This is not an arbitrary figure, but an estimate of what is necessary for ambitious reform. Again, this could fund public housing, education and health, aged care, welfare and unemployment insurance reform, infrastructure (including renewable energy, fast rail transport and fibre to the home National Broadband Network (NBN) ), and programs to secure guaranteed job placement and experience for the disabled. Disability Pensions should be reformed also, to increase the scope to supplement income with part-time or casual work, and to take away perverse incentives to avoid intimate relationships. (eg: measures which radically reduce pension payments to individuals in relationships and marriages) Further local government should be supported so that suburbs who suffer from undeveloped social infrastructure like parks and gardens, sporting and fitness infrastructure, libraries and so on are able to deliver better quality of life to working class families.

Meanwhile over the long term there should be plans to resocialise energy and water. And to reintroduce public-owned competitors in markets like financial services and insurance: to counter collusion and support consumers by providing competition from government business enterprises on a not-for-profit footing.

Finally, the labour market demands structural reform to prevent the entrenchment of a class of working poor Australians. This may have a once-off inflationary effect; but redistribution one way or another is necessary to deliver wage justice. This tendency could also be countered by taking the heat out of the economy through taxation (instead of wage suppression). We need to address the distribution of the economic pie between capital and labour but also between labourers themselves as well. Other innovative policies could include financial support and financial counselling for people planning on developing co-operative enterprise (on either a large or small scale). If increases in minimum wages will not eventuate without direct intervention, then there should be direct intervention. Direct legislative intervention should be undertaken where the current framework of Fair Work Australia fails to deliver. Those on the lowest wages have their pay keeping up with inflation but many other low wage workers have had more stringent increases.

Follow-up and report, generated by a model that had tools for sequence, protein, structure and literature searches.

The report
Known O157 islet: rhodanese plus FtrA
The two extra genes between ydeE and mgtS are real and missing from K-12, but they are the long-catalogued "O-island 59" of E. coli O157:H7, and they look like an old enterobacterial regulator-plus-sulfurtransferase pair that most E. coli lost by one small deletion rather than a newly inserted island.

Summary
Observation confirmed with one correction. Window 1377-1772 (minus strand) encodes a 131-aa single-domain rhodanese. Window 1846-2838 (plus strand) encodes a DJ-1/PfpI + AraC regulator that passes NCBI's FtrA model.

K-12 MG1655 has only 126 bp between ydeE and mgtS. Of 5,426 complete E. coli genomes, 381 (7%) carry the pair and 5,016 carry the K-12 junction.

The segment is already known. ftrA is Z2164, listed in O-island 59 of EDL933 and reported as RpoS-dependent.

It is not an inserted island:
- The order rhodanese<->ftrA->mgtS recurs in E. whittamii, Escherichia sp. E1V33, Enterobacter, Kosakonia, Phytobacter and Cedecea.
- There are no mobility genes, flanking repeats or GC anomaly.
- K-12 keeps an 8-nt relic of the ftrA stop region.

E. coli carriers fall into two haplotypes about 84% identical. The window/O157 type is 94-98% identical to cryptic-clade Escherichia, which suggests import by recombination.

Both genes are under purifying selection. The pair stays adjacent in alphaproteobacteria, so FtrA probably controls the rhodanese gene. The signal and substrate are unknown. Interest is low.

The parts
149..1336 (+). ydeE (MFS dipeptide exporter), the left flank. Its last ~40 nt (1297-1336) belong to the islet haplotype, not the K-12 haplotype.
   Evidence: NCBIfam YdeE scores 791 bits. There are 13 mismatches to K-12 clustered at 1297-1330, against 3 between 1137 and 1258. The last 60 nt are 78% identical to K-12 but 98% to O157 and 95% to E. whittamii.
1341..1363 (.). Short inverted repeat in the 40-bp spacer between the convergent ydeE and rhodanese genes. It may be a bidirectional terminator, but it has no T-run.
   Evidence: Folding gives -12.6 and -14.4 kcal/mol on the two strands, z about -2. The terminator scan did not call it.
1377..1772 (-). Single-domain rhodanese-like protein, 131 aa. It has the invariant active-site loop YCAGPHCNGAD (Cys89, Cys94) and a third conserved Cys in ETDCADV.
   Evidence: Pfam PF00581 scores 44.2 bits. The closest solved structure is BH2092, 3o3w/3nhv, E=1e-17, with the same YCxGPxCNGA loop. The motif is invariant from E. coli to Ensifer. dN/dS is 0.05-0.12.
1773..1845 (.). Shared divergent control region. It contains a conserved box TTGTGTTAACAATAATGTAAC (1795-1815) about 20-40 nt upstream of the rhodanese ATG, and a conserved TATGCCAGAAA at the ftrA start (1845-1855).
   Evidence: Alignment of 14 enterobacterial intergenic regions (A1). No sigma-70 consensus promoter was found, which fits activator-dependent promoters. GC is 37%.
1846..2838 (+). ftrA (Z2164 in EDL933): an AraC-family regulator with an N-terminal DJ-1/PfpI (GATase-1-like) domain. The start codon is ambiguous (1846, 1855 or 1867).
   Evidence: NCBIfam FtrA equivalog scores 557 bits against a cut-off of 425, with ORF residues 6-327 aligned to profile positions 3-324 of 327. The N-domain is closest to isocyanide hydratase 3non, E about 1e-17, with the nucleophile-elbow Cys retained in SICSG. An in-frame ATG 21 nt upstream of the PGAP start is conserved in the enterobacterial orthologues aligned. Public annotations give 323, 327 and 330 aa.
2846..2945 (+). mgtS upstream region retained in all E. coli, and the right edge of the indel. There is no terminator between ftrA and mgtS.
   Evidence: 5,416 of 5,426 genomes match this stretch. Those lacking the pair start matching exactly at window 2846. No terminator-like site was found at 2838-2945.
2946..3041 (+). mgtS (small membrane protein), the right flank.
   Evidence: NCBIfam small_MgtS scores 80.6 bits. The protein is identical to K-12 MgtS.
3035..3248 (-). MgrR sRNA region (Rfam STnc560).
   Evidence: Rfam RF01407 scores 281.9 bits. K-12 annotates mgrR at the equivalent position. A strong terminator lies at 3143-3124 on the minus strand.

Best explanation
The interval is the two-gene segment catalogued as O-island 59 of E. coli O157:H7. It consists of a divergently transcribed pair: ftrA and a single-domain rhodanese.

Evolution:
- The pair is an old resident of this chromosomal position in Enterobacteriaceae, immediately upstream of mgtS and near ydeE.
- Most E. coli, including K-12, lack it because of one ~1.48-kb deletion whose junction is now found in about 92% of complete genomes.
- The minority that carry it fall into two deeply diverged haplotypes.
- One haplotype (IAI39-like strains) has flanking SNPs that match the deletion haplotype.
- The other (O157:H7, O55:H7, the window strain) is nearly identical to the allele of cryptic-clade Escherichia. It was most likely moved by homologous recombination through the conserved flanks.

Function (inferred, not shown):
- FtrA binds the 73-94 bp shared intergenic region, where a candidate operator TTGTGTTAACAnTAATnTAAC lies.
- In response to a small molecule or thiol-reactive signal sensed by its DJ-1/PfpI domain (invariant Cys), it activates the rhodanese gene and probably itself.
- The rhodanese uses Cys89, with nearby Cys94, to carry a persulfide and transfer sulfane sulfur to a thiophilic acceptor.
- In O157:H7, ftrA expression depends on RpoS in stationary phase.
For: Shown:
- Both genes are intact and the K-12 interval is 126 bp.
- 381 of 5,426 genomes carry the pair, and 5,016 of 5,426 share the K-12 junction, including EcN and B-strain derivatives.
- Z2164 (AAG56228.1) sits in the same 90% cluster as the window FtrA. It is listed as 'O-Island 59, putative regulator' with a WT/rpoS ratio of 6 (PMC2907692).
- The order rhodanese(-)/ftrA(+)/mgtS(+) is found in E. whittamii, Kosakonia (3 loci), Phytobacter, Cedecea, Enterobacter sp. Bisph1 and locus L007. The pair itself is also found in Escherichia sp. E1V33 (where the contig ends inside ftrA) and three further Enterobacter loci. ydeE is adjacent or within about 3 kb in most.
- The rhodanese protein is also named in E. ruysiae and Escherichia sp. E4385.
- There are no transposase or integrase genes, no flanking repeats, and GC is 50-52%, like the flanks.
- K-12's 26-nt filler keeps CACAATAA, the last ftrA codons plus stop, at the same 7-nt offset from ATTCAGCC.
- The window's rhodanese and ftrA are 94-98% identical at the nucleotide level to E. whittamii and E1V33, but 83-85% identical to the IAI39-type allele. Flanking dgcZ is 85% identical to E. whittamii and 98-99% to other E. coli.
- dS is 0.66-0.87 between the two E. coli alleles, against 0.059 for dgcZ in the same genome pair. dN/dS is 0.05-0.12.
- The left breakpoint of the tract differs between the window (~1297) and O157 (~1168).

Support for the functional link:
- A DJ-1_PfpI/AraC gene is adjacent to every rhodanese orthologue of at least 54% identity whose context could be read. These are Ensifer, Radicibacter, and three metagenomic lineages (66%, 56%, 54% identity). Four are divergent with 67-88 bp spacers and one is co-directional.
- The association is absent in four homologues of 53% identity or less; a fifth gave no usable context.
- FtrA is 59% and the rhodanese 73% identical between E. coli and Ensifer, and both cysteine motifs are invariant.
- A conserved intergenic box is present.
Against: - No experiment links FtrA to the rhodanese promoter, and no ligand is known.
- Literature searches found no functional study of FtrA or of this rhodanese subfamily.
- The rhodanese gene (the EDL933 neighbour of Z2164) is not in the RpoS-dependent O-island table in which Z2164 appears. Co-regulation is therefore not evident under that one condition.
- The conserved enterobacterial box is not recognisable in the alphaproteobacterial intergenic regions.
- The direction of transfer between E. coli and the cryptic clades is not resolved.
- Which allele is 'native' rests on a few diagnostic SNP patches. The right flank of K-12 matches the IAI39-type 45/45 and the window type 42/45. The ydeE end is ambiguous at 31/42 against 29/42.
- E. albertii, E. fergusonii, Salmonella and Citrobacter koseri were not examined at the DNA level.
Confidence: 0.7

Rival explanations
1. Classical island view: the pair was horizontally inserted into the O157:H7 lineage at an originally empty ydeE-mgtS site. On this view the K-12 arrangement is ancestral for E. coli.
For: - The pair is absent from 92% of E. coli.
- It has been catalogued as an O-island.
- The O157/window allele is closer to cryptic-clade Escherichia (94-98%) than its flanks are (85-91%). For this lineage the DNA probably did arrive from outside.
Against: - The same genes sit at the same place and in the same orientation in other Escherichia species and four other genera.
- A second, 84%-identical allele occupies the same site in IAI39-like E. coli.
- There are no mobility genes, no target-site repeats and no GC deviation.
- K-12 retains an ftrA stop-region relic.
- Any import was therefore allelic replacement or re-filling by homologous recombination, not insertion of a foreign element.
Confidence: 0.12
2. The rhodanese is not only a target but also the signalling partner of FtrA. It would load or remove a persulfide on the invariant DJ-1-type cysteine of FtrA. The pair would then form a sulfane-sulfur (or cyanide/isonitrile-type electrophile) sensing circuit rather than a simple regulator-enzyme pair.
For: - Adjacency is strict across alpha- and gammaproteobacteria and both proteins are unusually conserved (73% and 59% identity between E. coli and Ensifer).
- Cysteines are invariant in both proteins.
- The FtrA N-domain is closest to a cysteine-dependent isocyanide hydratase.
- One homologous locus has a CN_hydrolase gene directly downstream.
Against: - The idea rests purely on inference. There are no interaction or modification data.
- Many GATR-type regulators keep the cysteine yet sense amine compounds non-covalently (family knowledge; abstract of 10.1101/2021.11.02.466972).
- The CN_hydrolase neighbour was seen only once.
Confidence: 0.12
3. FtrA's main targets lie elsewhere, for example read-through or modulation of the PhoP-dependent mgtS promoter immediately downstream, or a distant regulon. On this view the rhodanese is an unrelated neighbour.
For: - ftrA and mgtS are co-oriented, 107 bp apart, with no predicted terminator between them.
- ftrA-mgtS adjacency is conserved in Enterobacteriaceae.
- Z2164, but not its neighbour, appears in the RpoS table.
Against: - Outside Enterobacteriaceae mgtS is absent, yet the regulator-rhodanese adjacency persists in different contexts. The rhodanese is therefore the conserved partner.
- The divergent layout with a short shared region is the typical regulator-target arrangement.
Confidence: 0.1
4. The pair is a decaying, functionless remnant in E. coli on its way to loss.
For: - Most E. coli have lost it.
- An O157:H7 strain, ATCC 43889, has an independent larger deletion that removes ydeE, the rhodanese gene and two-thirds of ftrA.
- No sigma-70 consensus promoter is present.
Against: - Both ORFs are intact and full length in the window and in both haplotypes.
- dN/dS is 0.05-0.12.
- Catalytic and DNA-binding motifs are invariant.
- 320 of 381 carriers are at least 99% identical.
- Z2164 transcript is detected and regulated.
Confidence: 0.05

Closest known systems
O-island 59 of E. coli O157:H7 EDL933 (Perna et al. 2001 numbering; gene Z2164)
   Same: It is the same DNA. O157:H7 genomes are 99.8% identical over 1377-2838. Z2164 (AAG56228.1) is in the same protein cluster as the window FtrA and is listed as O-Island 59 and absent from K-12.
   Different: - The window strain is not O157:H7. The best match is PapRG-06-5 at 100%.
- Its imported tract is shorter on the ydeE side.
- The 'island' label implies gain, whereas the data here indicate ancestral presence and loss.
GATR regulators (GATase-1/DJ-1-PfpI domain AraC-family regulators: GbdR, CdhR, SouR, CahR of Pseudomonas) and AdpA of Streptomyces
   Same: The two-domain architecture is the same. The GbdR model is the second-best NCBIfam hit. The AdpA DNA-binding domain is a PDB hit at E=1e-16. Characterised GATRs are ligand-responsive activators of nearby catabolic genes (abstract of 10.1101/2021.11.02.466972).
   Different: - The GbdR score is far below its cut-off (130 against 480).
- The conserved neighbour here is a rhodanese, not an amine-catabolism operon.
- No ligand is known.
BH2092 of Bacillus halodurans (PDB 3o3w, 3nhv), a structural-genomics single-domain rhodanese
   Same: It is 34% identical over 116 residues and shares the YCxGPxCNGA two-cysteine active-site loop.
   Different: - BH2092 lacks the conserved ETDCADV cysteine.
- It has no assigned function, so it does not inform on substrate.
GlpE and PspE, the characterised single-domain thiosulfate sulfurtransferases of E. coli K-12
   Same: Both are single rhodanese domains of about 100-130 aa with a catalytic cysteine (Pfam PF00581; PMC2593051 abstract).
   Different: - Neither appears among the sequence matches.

It's not good enough to put ambitious reforms off until a second term. Policies like Medicare took years to become entrenched to the point where any effective frontal assault against basic socialised medicine became impossible. Here, also, once-introduced and accepted as part of the 'socialised medicine landscape', Medicare Dental would be very difficult to dismantle. The establishment of a Labor Government provides the opportunity to introduce life-changing reforms. It is an opportunity that should not be wasted.


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About the Author

Tristan Ewins has a PhD and is a freelance writer, qualified teacher and social commentator based in Melbourne, Australia. He is also a long-time member of the Socialist Left of the Australian Labor Party (ALP). He blogs at Left Focus, ALP Socialist Left Forum and the Movement for a Democratic Mixed Economy.